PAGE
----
mom and daughter laughing on blanket during family photography - writing emails to photography clients

How to “Wow” your photography clients by writing excellent emails

I’ve got some great tips for you today that will help with your email communication when you are writing to your photography clients and potential clients. 

family photography collage for blog about what emails to send to clients

Tip #1: Write Fun Email Subjects 

I’ll start this tip with an example. I used to send out emails to my clients with boring subject lines. And it’s fine, people would still open them. But THEN I started experimenting with different subjects and I got such great responses back! The subject lines start the tone of the email you are sending, so if you want to create a fun and upbeat environment for your clients, then make the subject fun and upbeat! If you want to create a calm and caring environment, write a subject line that reflects that vibe.

Next time you go to write an email to a photography client, instead of writing boring subject lines… what if you made them fun? This is especially useful for that initial email you send after someone inquires about a session with you.

Which email do you think they are more likely to open? 

Family Photography Info 
or one of these: 
Your new bestie and family photographer ????‍♀️
It’s time for some fun family photos ???? ????
Get ready for the best family photos ever! ???? 

Yes, all of my subject lines are fun because that’s me and that’s the vibe I want to create in my photography business. If that’s not you then don’t use these examples, think of your own that have your personality in them 🙂

Sit down and try coming up with as many subject lines as you can think of for a few of the emails you send out. Some of your emails can still be generic, but I usually focus on the inquiry email, and also the booking email I send out that has the button for them to book their session, sign the contract, and pay the retainer. Because those are the two emails they are reading before they commit to booking their photo session.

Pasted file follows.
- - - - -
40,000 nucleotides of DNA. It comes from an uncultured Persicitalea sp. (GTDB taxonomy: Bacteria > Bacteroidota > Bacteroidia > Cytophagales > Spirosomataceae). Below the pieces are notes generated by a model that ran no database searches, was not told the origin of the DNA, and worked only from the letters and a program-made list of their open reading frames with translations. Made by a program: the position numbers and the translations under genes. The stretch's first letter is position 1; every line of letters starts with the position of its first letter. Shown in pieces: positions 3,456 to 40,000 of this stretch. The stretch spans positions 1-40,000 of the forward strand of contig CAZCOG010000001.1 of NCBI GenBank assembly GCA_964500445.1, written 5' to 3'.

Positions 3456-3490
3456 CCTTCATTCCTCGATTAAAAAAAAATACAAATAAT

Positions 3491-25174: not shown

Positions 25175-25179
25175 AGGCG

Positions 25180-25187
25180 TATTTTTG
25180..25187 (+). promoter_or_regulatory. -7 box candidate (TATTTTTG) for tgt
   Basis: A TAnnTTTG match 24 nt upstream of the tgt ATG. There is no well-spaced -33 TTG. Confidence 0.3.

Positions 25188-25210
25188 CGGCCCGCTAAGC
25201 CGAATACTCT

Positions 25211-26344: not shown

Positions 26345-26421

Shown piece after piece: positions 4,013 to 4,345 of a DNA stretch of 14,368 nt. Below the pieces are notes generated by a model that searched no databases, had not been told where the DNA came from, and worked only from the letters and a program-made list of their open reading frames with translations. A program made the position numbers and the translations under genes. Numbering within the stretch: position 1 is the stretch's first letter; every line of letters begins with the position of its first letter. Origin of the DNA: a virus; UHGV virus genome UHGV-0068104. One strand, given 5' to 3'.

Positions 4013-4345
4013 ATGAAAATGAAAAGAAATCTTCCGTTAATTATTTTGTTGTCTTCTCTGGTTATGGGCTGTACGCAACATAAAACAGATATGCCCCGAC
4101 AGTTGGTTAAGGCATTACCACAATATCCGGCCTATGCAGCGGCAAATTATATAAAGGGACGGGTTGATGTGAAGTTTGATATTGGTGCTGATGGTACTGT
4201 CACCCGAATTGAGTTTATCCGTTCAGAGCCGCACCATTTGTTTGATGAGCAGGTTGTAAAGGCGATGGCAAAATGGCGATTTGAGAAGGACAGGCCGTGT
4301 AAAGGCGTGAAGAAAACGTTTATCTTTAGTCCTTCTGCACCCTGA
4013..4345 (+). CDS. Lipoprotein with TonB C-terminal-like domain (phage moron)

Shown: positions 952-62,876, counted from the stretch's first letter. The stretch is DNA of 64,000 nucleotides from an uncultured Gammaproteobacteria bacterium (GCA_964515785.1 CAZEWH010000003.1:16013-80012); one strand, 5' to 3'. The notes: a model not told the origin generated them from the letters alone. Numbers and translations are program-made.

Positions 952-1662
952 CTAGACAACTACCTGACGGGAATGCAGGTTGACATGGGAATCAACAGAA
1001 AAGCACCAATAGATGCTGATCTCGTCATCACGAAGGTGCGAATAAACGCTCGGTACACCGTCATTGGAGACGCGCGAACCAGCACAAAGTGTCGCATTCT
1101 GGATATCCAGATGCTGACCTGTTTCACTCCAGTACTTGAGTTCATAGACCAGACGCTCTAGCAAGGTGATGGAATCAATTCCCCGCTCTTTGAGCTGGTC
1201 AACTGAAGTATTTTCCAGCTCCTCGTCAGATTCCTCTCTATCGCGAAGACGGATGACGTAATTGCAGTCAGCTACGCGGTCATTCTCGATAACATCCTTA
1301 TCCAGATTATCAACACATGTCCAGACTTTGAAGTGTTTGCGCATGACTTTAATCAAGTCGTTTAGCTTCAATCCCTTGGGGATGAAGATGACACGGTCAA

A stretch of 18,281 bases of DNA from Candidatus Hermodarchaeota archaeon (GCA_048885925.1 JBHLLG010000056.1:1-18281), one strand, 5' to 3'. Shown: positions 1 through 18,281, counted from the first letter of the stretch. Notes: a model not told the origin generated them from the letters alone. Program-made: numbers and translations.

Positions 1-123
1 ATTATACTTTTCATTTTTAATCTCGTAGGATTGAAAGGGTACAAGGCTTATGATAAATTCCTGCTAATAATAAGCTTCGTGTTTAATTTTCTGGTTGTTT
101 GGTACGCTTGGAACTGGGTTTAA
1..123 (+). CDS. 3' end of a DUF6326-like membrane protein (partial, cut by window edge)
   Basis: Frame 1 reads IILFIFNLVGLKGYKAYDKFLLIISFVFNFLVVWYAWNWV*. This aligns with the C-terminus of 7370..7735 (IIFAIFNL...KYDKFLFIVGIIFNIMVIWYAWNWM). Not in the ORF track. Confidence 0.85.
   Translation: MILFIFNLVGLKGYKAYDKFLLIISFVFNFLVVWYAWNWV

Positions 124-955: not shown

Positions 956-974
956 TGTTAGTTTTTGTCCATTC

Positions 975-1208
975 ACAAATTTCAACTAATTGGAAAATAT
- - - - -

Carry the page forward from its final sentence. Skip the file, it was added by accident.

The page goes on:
backlit images during family photography sessions - email communication tips for family photogrpahers

Tip #2: Be Professional AND Friendly When Writing Emails

Write your emails in a way that sounds professional, but is also friendly and has your personality in there, too. If you are a fun type of person, then make your emails sound fun! Just make sure that you are keeping a nice balance between professional and fun. Always use proper punctuation and spelling (none of this “u” instead of “you” stuff). You want people to respect you as well as like you.

This goes for all the communication you have with your clients. Even if you are texting with them, don’t fall into your regular texting patterns of abbreviating words and writing short messages that might get misinterpreted.

Before you send anything, read it over and think about it from different perspectives. Ask yourself these questions:

  • Does this get the point across in a professional, yet friendly way?
  • Could this be misinterpreted?
  • Do my punctuation and grammar look correct?
  • Have I added some of my personality in here if it’s appropriate for the email?

When you are satisfied with what you have written after thinking about these things, that’s the time to send it off.

Tip #3: Write the facts, then add the personality

A lot of times when I write an email in response to a client’s question, I will start off by stating the facts and answering their question, and sometimes it may come off as sounding too abrupt. So after I write the response, I will go back and add something personal to the beginning.

For example, I once crafted a response to an email asking for a family session as a gift for her mom that started with, “I’m available on the 10th or 11th of that month, which works best for you?”

But then I went back in and reworded it to say, “What a sweet gift! Yes, I could totally do that on either the 10th or 11th! Let me know which works best for your family and I will get you set up with your contract and invoice for the retainer.”

Which email would you rather get? I think I know the answer 🙂

Collage of family photos in beautiful locations

Want the hard work done for you?

Hopefully, this has helped you see how to write emails to your photography clients in a way that will serve your business well. But if you don’t want to do the writing yourself or you aren’t sure what to say, I have done all the hard work for you! You can grab my email templates for lifestyle family photographers and have those main emails that you send to every client done for you!

If you enjoyed this blog, follow me on Instagram, and be sure to follow my stories for more tips like these!

three emotional photos of parents with their kids

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